After more than four decades of lobbying on behalf of Republican politicians, foreign dictators, and oligarchs, Paul Manafort is flipping on his last client: President Donald Trump.
The president’s former campaign chairman has agreed to cooperate with Special Counsel Robert Mueller in the investigation of a potential conspiracy between the Trump campaign and Moscow, prosecutors said in court on Friday, and has already proffered information to the Justice Department. Manafort also pleaded guilty to one count of conspiracy and one count of conspiracy to obstruct justice, avoiding the spectacle of a second trial in Washington, D.C.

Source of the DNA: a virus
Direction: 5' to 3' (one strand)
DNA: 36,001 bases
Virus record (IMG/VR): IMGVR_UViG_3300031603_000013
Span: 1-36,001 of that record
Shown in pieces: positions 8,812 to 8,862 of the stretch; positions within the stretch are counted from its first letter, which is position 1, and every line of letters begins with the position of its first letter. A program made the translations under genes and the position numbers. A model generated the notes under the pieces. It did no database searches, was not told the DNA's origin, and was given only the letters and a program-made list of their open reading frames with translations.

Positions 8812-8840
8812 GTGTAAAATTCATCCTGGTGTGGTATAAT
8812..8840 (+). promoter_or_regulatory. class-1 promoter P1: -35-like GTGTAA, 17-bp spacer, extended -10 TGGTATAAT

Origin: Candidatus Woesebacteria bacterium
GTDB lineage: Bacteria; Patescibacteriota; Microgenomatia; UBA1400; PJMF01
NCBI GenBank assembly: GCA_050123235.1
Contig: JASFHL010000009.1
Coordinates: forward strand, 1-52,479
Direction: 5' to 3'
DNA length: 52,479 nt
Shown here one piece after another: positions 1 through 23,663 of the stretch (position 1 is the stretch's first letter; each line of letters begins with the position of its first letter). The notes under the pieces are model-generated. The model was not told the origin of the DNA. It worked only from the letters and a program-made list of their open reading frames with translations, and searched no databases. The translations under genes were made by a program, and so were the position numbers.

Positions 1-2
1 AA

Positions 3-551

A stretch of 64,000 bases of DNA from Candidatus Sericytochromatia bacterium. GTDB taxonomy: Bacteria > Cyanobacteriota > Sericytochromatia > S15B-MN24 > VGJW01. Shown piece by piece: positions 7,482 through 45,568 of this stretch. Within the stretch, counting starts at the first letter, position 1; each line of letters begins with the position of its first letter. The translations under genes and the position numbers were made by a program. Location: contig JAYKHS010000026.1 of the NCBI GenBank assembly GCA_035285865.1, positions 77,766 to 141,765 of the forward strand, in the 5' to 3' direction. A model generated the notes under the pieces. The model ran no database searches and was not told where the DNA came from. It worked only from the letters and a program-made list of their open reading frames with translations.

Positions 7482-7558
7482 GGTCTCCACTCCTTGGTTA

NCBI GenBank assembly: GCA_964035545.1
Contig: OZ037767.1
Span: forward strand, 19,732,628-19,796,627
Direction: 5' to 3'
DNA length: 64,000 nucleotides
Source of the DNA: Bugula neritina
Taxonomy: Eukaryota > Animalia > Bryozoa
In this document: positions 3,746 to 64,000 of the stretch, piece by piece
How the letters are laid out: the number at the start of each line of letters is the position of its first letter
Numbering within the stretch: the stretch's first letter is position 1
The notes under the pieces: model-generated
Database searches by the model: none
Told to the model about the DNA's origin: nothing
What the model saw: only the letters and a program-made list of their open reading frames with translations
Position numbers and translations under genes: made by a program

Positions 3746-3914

Legal experts characterized Manafort’s move as a significant win for Mueller—and a big setback for Trump. “Manafort’s cooperation is a tremendous achievement for the Mueller investigation—maybe the single biggest development yet,” said Seth Waxman, a former federal prosecutor in Washington, D.C. “Manafort provides Mueller with an insider to the infamous June 2016 Trump Tower meeting and likely many other key moments.”
Judge Amy Berman Jackson said on Friday that Manafort’s cooperation agreement includes interviews and briefings he’ll give to the special counsel’s office; he’ll also turn over documents and testify in other proceedings, and has waived his right to have an attorney present during his interviews with the special counsel, prosecutors said. “Tough day for Mr. Manafort,” Kevin Downing, Manafort’s attorney, said outside the D.C. courthouse on Friday. “But he’s accepted responsibility … He wanted to make sure that his family was able to remain safe and live a good life.”